McCroskey J. C. & Richmond, V. P. (1987). Willingness to communicate and interpersonal communication. In. J. C. McCroskey and J. C. Daly (Eds) personality and interpersonality communication. (129-156). Beverly Hills, CA: SAGE.

Pappamihiel, N. E, (2002).English as a second language students and English anxiety: Issues in the main stream classroom. Proquest Education Journal 36(3) 327-355.

Riasati, M. J. (2011).Language learning anxiety from EFL. Learners’ perspective: Middle- East Journal of Scientific Research, 7(6) 907-914.

Shan X, (2010). A brief study on language anxiety among learners at different learning stages Journal of Cambridge studies

Shahraki, N.R. & Seyedrezaei, S.H. (2015). The Relationship between EFL Learners’ Language Anxiety and their Willingness to Communicate. Journal of Language Sciences & Linguistics, 3 (5), 96-101.

Young, D. J. (1991), Creating a low-anxiety classroom environment: what does language anxiety research suggest? The modern language journal, 75:426-439

Wang, T. (2010). Speaking Anxiety: More of a Function of Personality than Language Achievement. Chinese Journal of Applied Linguistics, 33 (5), 95-109.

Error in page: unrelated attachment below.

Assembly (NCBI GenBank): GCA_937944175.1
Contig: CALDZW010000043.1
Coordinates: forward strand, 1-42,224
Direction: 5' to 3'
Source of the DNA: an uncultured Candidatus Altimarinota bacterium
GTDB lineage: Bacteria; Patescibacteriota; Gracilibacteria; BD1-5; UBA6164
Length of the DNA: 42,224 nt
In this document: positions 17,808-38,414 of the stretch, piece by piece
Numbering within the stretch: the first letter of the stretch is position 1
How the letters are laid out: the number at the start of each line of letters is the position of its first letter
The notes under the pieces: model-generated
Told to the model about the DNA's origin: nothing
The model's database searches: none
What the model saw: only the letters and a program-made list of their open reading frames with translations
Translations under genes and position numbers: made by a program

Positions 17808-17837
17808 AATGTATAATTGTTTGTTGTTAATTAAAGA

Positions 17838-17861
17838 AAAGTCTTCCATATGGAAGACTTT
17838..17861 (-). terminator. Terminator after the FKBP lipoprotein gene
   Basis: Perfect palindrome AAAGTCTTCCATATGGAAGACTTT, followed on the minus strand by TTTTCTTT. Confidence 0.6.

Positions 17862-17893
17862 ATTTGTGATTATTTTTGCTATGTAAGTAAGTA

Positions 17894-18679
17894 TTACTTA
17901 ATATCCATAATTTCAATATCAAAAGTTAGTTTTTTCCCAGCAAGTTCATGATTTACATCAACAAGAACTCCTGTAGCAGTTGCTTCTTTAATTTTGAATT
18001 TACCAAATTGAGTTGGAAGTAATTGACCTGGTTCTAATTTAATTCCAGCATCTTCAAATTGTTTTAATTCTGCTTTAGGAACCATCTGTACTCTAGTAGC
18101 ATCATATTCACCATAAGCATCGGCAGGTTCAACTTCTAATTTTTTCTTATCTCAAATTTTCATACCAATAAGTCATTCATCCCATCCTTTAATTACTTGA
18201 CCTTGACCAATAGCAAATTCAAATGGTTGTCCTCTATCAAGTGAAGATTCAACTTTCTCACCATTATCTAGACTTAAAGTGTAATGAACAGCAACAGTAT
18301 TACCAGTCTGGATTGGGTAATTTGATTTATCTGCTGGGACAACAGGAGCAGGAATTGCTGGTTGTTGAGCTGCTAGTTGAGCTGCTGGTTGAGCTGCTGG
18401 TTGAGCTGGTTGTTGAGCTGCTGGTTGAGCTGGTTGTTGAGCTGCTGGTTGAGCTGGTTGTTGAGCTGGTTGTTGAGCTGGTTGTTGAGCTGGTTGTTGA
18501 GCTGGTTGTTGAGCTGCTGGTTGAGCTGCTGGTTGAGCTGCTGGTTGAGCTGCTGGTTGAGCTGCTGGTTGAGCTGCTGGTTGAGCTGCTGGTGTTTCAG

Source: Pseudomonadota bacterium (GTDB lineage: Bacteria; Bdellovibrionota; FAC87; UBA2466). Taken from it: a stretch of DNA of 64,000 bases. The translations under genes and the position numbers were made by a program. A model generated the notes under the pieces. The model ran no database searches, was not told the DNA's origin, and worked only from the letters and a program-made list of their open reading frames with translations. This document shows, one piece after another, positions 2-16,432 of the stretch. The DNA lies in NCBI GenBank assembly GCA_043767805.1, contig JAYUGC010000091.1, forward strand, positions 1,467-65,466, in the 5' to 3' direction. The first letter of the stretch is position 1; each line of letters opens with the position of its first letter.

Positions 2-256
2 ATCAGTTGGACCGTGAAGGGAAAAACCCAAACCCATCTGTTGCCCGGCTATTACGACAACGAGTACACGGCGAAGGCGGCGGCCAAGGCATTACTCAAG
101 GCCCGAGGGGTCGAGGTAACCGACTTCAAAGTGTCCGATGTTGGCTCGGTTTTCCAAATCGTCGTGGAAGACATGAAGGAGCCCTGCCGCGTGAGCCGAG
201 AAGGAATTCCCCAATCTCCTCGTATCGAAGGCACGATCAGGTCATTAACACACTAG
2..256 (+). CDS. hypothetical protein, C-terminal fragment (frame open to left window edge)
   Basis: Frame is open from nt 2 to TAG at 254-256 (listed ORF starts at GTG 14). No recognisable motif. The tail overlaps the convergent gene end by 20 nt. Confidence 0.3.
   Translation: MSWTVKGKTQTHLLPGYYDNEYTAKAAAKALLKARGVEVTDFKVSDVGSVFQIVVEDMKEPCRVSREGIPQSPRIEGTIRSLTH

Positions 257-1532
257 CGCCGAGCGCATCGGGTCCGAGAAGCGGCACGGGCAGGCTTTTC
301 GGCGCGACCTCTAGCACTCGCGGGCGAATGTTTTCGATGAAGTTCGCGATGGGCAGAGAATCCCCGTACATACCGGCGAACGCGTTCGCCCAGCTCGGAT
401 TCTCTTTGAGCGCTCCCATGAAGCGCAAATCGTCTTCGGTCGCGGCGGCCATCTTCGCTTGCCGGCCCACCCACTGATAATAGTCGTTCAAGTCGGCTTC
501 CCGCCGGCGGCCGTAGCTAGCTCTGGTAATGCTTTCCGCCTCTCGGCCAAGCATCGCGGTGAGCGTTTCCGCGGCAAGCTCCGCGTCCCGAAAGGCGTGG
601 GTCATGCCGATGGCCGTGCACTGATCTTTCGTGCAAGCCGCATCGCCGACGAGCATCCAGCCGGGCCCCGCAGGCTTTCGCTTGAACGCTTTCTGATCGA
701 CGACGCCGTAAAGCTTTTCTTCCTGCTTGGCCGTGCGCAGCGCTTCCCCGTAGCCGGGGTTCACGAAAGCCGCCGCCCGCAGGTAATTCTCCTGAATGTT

www.jledu.gov.cn 2016 retrieved on June 2016.

Zhou, M. (2004). Language policy in the people’s republic of China, theory and Practice since 1949; Kluwer Academic Publishers.


Refbacks

  • There are currently no refbacks.


Copyright © 2015. European Journal of Foreign Language Teaching (ISSN 2537-1754) is a registered trademark of Open Access Publishing GroupAll rights reserved.

This journal is a serial publication uniquely identified by an International Standard Serial Number (ISSN) serial number certificate issued by Romanian National Library (Biblioteca Nationala a Romaniei). All the research works are uniquely identified by a CrossRef DOI digital object identifier supplied by indexing and repository platforms.

All the research works published on this journal are meeting the Open Access Publishing requirements and can be freely accessed, shared, modified, distributed and used in educational, commercial and non-commercial purposes under a Creative Commons Attribution 4.0 International License (CC BY 4.0).